Before becoming a parent, one has a different perspective on many things. Babies are cute fashion accessories, misbehaving toddlers are evidence of bad parenting, and "farting" is the best term – clear, to the point, neither coy nor unnecessarily crude – to describe what happens when we break wind, pass gas, or let one rip.
As a child, I was raised to include "fart" in the same category as "hell," "crap," and "stupid." Toot was the term used in our house, a word that invariably submerged me in a sense of impotent shame. Simultaneously nerdy and embarrassingly onomatopoeic, "toot" (or, worse, "tooted," "tooter," or – my Dad’s favourite – "rooter tooter") was a word best left unsaid. That, I now perceive, was the parenting genius that motivated its selection in the first place.
My adult life affords few occasions for the use of the major euphemisms for flatulence (stink bomb, Dutch oven, butt trumpet … I was going to add "cutting the cheese," but actually, there are so many opportunities to use that one). Don’t get me wrong – I do not claim to be immune to the phenomenon, which occurs an average of 10-15 times per day for a normal adult human. I just find that in most cases, the event is better left unacknowledged. Even the courtesies of marriage can usually be met with a casual, "You might want to stay away from the danger zone here." The word "fart" now exists roughly in the same category as "snot" and "barf" – not a word I use every day, but no longer a subversively thrilling swear-word either. So when one of my children’s-lit students recommended Walter the Farting Dog for our class on picture books, I was sufficiently impressed to purchase a copy.
This was, needless to say, before I had children. I thought the book was funny and child-centered, following in the scatological tradition of Jonathan Swift, Roald Dahl, and Robert Munsch. As an instructor of children’s literature, I was steeped in the idea that children’s books are the product of adult imperialism. The grown-ups who write, publish, and buy children’s books co-opt the representation of childhood, indoctrinating children with stories that serve adult interests (lullabies! forcing children to sleep! – alphabets! forcing children to learn!).
Then I became a parent. And suddenly sleeping and learning didn’t seem like such bad things. Socialization and moral indoctrination seemed less like brainwashing and more like good parenting. Walter the Farting Dog languished on a little-used bookshelf while Bub and Pie explored books about letters and colours and pleasant piggies who would invariably fall into peaceful slumber on the last page. And then one day, the Pie unearthed Walter and I realized: This is a terrible book.
The illustrations are hideous. It is full of double-entendres, most of them aimed at adults. Each page features a graphic rendering of the puffs of air emanating from Walter’s rear while he plays with the children, gets blamed for the surreptitious emissions of Uncle Irv, and scares away a pair of stereotypically-rendered burglars who are making off with the family’s VCR.
The book is terrible because it is exactly what I thought it wasn’t: imperialistic. The whole point of scatological humour is that it breaks taboos. The parent’s role is to forbid – and reading bedtime stories about farting does little other than rob children of the fundamental joy of taboo-breaking. It is the child’s job to joke about farting, and the adult’s job to conceal all amusement. If the grown-ups start cracking scatological jokes, what’s left for a child to do?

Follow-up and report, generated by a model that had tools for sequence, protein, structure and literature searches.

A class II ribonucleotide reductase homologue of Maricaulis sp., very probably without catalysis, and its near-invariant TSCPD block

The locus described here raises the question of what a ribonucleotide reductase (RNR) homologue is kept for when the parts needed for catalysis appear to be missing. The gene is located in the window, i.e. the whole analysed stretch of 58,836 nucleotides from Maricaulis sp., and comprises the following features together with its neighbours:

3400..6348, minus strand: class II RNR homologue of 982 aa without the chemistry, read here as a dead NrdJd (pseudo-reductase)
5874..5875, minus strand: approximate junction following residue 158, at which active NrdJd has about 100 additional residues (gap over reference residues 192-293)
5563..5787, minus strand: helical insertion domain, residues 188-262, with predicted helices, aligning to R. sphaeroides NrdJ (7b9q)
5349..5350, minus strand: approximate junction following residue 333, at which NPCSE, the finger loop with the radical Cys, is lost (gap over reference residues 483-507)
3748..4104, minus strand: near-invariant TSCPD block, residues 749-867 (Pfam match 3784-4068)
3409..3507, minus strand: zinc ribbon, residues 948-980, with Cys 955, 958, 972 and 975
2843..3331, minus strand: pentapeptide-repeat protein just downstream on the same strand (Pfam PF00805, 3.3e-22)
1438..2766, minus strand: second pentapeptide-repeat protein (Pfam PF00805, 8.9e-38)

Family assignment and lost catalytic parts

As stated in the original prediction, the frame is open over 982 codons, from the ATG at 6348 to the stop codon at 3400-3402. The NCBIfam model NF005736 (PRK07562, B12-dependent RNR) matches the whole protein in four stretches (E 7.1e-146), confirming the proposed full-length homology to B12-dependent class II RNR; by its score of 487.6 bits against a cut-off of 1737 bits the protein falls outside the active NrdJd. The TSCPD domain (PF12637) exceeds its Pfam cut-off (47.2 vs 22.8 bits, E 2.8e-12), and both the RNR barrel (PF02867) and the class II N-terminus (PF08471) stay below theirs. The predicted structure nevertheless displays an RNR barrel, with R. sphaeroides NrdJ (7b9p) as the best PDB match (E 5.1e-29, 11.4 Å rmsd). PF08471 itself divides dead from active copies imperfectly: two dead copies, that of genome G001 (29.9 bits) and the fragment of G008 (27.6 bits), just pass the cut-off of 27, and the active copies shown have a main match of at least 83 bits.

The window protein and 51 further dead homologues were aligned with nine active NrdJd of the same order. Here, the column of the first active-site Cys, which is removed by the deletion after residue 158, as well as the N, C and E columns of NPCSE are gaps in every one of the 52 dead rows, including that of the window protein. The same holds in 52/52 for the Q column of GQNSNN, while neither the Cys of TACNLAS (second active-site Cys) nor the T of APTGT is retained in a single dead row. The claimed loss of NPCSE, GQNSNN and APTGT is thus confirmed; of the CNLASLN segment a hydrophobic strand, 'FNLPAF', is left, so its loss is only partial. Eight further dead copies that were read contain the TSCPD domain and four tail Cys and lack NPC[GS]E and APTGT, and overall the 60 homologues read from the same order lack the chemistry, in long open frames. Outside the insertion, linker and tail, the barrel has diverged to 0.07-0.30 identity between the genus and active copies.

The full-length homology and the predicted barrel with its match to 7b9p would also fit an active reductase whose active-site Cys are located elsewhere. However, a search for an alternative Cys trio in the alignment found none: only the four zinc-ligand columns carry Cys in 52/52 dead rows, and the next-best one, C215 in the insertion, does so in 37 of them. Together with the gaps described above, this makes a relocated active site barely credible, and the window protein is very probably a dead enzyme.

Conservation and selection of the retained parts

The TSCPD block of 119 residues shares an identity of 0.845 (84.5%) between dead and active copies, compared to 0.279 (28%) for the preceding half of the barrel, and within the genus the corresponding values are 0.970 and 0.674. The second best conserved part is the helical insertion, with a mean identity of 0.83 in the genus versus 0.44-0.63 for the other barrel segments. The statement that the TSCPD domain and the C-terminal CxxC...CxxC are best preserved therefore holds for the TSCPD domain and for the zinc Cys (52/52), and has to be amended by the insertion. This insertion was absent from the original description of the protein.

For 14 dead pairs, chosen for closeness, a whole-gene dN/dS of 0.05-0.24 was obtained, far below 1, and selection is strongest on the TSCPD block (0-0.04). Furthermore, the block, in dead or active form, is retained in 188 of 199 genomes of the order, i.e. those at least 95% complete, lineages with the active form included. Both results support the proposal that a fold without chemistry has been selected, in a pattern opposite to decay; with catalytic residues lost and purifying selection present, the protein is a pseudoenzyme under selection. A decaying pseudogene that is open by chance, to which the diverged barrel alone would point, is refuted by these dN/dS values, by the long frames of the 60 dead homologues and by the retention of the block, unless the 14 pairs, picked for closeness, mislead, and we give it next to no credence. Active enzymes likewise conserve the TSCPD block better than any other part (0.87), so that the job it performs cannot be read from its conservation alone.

(This, by the way, is what is meant by boundaries. Unless I am very much mistaken in my reading of the introductory chapters of Boundaries with Kids, boundaries are not about requirements and prohibitions so much as they are about a clear division of labour. Farting jokes and maniacal laughter = the kids’ side of the boundary. Stern looks and embarrassing euphemisms = the adults’ side.)
To be sure, farting need not be forbidden to be funny. It has its own inherent comic potential. Bub’s diet these days consists almost entirely of broccoli and chick peas, so our lives are accompanied by a constant rumbling soundtrack. Mostly these pops and rat-a-tats go unnoticed, but the other day one of them occurred at bath-time and Bub turned to me with a grin of delight. "Mama, did you hear that?" he asked, and you could just see the wheels turning as he realized, I did that with my bum!
There is a kind of natural pleasure in making ridiculous sounds with ridiculous parts of one’s body. Nevertheless, it is (or ought to be) an inviolable part of the child-adult contract that the child makes the farting jokes while the adult looks on with well-feigned disapproval.
Unfortunately, the Pie did not get the memo. So every night, now, she pulls out the book, gleefully exclaiming, "Farting Dog? Farting Dog?" and hubby and I respond with the following story:
Billy and Betty brought Walter home from the dog pound. "Nobody wanted him," said Billy. "But we love him!" said Betty. Their mother made them give Walter a bath. "His stomach must be upset!" she said. Then Father said it was time for him to go to the vet. The veterinarian examined him and put him on a special diet: he ate carrots, corn on the cob, french fries, and cat food. Then Uncle Irv came over.("Uncle Irv!" Pie shrieks ecstatically at this point. "Uncle Irv!")
One day, Father said Walter had to go back to the dog pound. "No, no!" exclaimed Betty and Billy. But Father had made up his mind. That night, Walter ate a whole box of dog biscuits and then fell asleep on the couch. Some burglars came, and Walter …um …scared them away.("Burglars! Run away!" Pie shrieks.)
"You saved us!" cried Mother and Father when they got up the next morning. "You saved the silverware! You saved our VCR!" And they all lived happily ever after.